Grounds: Just as in the previous overture, each recommendation is thoroughly documented with accompanying grounds.  The overture appeals almost entirely to the synodically-approved Principles and Guidelines for Selecting Church Music.  It interprets these rules strictly, including for deletion many popular hymns such as “For the Beauty of the Earth” and “God of Our Fathers” as well as some of the theologically lighter contemporary selections of the Hymn Proposal.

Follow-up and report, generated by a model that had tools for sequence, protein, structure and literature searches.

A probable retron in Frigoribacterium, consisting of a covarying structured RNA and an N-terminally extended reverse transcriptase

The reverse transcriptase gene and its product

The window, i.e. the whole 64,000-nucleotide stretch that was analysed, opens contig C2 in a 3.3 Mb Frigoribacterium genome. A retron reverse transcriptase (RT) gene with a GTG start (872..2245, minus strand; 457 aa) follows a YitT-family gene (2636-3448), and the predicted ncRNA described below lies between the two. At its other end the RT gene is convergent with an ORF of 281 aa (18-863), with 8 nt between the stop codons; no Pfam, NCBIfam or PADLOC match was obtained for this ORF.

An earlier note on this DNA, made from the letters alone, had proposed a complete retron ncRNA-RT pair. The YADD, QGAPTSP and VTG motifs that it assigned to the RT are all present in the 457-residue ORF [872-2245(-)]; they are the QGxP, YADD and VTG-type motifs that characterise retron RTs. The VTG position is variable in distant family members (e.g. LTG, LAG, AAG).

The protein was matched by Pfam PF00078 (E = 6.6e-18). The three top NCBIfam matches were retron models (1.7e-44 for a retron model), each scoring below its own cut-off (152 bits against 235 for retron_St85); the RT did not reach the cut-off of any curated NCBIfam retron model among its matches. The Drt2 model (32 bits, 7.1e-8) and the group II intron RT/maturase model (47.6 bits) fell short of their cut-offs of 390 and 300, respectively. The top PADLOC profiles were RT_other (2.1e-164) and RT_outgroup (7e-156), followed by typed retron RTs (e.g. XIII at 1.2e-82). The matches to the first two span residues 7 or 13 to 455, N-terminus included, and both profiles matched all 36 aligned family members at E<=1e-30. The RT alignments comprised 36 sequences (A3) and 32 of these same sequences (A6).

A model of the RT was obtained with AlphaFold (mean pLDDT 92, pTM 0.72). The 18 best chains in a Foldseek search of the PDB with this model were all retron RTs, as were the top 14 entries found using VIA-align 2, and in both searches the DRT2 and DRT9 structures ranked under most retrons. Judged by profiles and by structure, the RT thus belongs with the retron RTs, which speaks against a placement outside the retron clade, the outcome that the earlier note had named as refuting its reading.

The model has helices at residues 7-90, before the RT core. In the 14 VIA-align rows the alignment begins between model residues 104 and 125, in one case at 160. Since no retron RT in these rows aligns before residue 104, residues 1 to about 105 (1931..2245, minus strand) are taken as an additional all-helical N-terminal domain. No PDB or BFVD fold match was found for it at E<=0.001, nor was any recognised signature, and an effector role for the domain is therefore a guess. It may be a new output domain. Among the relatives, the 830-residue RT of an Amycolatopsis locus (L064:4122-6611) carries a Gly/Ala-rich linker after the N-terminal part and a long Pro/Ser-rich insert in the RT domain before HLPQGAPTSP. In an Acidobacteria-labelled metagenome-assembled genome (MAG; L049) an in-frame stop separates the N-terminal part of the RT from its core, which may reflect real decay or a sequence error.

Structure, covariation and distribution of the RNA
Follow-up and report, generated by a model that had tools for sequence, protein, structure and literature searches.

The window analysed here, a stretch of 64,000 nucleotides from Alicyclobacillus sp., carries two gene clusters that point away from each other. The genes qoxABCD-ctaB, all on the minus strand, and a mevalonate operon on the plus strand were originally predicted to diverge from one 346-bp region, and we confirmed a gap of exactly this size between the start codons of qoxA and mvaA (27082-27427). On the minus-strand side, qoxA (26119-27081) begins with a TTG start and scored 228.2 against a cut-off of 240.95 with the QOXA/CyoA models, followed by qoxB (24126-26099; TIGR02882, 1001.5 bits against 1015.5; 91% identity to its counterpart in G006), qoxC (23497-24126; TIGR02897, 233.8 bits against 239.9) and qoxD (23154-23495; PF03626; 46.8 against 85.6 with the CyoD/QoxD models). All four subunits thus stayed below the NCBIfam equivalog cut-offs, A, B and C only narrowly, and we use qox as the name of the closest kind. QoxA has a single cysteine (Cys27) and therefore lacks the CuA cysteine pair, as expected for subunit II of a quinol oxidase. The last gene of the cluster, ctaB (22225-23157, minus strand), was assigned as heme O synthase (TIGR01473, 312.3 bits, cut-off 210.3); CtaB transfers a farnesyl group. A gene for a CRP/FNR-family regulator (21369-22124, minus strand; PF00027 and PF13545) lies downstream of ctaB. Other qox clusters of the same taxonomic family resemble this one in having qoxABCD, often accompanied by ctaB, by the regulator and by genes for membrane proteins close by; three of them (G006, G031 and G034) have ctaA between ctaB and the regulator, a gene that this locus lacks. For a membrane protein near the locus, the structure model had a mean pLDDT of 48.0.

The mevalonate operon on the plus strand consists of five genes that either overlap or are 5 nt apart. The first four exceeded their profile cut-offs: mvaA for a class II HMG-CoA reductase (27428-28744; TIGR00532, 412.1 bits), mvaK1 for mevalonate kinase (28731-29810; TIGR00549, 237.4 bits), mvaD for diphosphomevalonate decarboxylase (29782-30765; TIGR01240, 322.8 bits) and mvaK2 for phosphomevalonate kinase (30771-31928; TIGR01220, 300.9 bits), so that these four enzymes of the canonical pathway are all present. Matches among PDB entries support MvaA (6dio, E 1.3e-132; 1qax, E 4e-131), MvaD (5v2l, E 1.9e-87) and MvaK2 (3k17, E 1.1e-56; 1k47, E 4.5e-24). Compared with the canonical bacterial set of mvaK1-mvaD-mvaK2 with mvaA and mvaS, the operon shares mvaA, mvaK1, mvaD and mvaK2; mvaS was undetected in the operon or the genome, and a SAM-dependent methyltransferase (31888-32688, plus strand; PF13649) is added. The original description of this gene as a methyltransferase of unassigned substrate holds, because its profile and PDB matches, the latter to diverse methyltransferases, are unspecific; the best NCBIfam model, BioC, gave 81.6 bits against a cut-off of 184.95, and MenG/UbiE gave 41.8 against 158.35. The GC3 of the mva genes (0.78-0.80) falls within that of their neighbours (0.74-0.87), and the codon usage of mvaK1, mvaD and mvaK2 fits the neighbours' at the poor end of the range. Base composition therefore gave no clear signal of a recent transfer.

Possible drawbacks: It seems that this overture lacks organization in several ways.  First, I’m not aware of the reason for this overture (along with #4 and #6) coming before synod, rather than proceeding directly to the songbook committee as has been done in other classes.  With regard to the overture itself, four recommendations for removal are duplicates of similar requests in Overture #4 (from the same classis), and two more items conflict with recommendations from this former overture (one requests individual verses to be removed, whereas the other requests entire hymns to be removed).  The recommended additions pertain to unfamiliar songs that may be hard to evaluate on the floor of synod.  One suggested addition has to do with the psalm section of the proposed Psalter Hymnal, which hasn’t yet been released for consideration.  I fear that these structural flaws in Overture #5 will unnecessarily confuse the delegates and “gum up the works” of synod with tedious discussion.